68-year-old Jan Buerge was days away from losing everything. For 35 years, she has run World’s Window in Kansas City, a store that sells artisanal items from around the world. In March, she was forced to close her doors because of coronavirus.
But she didn’t give up. She just needed a plan, and fast. She snapped pictures of her remaining items. And quickly got them online with the help of her husband and nephew. Within three days, business was booming. Buerge was shipping baskets made from South African telephone wires and metal plaques made in Haiti to customers around the nation.
Buerge didn’t do it alone. As I’ll show you, a once “hated” stock has been a savior for millions of mom-and-pop shops across America. It handles all the “plumbing” of online selling… Like payments, shipping, and marketing… and it’s poised to rocket higher in the years ahead…
I’m Talking About Shopify (SHOP)
Shopify helps entrepreneurs create and manage their own online stores. Its easy-to-use website rescued tens of millions of these small businesses, just like Buerge’s.
In fact, merchants with Shopify stores recouped 94% of lost in-person sales with online orders. So for every dollar lost to coronavirus, these businesses recovered 94c thanks to Shopify.
And have you checked out Shopify’s stock recently? It’s soared around 90% since the lockdowns started, as you can see here:
Today Shopify Is a Wall Street Darling
But a couple of years ago, it was totally hated. Think about what Shopify was trying to achieve… run an online marketplace where smaller businesses could sell their goods. That’s stepping into Amazon’s (AMZN) territory. And how could a tiny startup compete with an 800lb. gorilla like Amazon?
Most investors thought Shopify would be out of business in a year or two. But here’s the thing: folks who bought Shopify in 2016, when it was out-of-favor, are sitting on 3,500% gains today. It was the perfect “hated” stock play.
How did Shopify Compete with Amazon?
Selling goods online is a tough business. You have to build the website, rent servers to handle all the internet traffic, and collect payments. You have to ship your products, accept returns, and run marketing campaigns. Just setting up an online store is a full-time job and will set you back thousands of dollars at a bare minimum.
So most small businesses looking to sell online chose to partner with Amazon. In fact, roughly two-thirds of goods sold on Amazon come from independent sellers.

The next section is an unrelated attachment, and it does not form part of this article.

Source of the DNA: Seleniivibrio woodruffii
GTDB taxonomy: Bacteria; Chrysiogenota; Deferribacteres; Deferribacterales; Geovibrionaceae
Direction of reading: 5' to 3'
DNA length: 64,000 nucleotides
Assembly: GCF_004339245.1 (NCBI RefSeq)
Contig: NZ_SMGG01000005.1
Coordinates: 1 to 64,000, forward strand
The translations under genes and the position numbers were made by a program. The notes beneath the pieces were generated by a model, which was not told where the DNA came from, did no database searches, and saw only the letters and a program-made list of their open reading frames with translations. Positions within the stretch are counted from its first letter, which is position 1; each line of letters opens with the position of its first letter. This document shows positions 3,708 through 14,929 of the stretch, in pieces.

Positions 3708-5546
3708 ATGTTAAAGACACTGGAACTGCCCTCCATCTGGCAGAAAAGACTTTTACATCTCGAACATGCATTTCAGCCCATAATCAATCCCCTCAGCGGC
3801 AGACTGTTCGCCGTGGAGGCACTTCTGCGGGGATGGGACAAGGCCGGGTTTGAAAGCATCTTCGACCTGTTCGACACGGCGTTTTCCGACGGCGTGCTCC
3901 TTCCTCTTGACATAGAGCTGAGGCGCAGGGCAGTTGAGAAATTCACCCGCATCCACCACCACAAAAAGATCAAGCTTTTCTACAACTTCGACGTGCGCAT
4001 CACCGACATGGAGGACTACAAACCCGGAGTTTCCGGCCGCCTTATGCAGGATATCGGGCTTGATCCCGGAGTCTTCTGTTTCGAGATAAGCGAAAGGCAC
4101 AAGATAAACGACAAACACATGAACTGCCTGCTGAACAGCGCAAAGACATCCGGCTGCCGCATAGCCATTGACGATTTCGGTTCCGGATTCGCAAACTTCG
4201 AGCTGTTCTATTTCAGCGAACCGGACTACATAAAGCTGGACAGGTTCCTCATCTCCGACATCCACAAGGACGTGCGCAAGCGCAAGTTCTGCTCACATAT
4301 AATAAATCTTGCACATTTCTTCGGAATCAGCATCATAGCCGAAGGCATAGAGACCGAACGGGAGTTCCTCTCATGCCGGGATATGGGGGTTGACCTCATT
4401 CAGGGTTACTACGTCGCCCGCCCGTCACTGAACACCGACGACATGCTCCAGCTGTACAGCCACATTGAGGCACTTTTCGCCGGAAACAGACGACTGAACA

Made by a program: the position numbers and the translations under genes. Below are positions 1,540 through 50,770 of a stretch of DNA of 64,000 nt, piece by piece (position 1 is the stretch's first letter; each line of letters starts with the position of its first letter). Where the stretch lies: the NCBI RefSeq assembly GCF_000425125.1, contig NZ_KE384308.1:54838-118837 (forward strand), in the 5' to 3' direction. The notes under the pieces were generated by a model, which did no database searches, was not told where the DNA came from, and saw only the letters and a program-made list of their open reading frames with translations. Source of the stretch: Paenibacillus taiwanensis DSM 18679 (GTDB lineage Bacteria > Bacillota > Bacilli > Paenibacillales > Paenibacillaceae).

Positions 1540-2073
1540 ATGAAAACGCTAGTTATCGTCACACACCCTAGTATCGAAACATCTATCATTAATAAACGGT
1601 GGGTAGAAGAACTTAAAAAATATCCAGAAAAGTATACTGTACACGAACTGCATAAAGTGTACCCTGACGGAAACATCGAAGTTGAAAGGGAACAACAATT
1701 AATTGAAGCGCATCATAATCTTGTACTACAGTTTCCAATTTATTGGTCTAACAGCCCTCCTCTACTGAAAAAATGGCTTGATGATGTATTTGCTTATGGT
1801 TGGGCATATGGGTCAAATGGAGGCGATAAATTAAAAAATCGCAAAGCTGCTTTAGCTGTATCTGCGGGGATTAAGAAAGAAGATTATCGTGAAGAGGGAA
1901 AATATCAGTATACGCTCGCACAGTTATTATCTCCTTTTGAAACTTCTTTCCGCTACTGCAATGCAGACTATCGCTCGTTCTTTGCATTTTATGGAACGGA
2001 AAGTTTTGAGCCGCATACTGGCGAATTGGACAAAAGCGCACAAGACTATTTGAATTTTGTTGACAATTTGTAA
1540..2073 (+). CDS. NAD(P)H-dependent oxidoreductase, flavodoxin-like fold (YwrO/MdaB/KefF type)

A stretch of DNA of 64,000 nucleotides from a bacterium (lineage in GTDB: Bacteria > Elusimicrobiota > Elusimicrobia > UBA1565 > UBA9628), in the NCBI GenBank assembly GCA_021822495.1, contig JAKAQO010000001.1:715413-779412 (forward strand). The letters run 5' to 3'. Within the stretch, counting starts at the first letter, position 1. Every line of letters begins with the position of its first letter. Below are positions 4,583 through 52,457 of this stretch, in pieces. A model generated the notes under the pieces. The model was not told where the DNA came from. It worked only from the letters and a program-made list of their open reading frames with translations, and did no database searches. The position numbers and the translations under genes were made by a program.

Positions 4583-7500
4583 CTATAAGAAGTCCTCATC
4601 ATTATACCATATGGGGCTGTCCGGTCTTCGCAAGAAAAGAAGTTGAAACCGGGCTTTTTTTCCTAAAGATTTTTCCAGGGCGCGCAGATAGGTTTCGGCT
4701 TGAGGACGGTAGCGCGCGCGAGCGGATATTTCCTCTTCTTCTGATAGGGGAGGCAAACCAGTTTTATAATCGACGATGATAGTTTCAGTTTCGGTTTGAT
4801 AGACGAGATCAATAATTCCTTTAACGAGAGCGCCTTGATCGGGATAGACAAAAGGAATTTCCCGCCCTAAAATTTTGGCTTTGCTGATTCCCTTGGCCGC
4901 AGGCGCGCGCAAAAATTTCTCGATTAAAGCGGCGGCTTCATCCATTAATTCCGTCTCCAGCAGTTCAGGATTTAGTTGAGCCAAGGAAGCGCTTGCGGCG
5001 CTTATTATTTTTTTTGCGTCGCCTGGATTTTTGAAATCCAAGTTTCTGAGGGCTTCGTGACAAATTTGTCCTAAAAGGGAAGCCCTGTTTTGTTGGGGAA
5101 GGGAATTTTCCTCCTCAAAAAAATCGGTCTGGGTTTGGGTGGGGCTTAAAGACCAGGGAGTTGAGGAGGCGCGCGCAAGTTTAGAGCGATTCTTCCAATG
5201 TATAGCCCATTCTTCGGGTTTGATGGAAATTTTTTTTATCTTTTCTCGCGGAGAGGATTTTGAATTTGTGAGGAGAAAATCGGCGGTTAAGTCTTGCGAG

Amazon handles all the not-so-fun parts of selling online… but it comes at a cost. Selling on Amazon is like placing your products on another retailer’s shelves. It’s almost impossible to build your brand, and the online gorilla takes a chunk of your sales.
Shopify is the anti-Amazon. It gives businesses the tools to build their own online store. Think of Shopify like an invisible partner that allows you to build your own brands.
You wouldn’t know it from looking at their websites, but The Economist, Penguin Books, Unilever, Red Bull, Heinz, Budweiser, Pepsi, and Nestle are all examples of online stores powered by Shopify.
And Now Shopify Runs Websites for Over One Million Mom-and-Pop Shops
Here’s how it works: The company offers a simple tool that helps anyone set up a custom online store for as little as $29/month. Shopify can even fulfill your orders, which means it holds your inventory at its warehouses and ships your products. You don’t have to maintain software or servers. You don’t need to hire expensive programmers or be into coding yourself. You don’t have to bother with shipping.
In minutes, you can have a full-fledged online store that’s running on autopilot under your business name, just like Amazon. It’s like getting a fully furnished retail store with trained sales clerks all for a few bucks. You just put your products on the shelves, hang a storefront sign, lean back, and watch sales come in.
And Shopify’s business is booming. In 2012, it had just 42,000 merchants. Today, more than 1,000,000 businesses around the globe have set up an online store with Shopify. Businesses sold $60 billion worth of goods through its platform last year. For perspective, that’s a 600% jump in sales since it was “hated” back in 2015.
And get this: Shopify is now the world’s 15th largest retailer—online or offline. It sits just behind DIY superstore Lowe’s.
Shopify Is Opening Up the World for Entrepreneurs
Take Jan Buerge and her artisanal store for example. Only folks living in Kansas can visit her store. But with her Shopify-powered store, now she can sell to folks all over America. By handling all the “plumbing” of online selling like… payments, shipping, and marketing, it leaves Jan free to focus on finding unique artisans around the world.
Shopify is the world’s most disruptive retailer that most investors aren’t paying attention to. This is a stock to own for the long term as it cements itself as the “anti-Amazon.”
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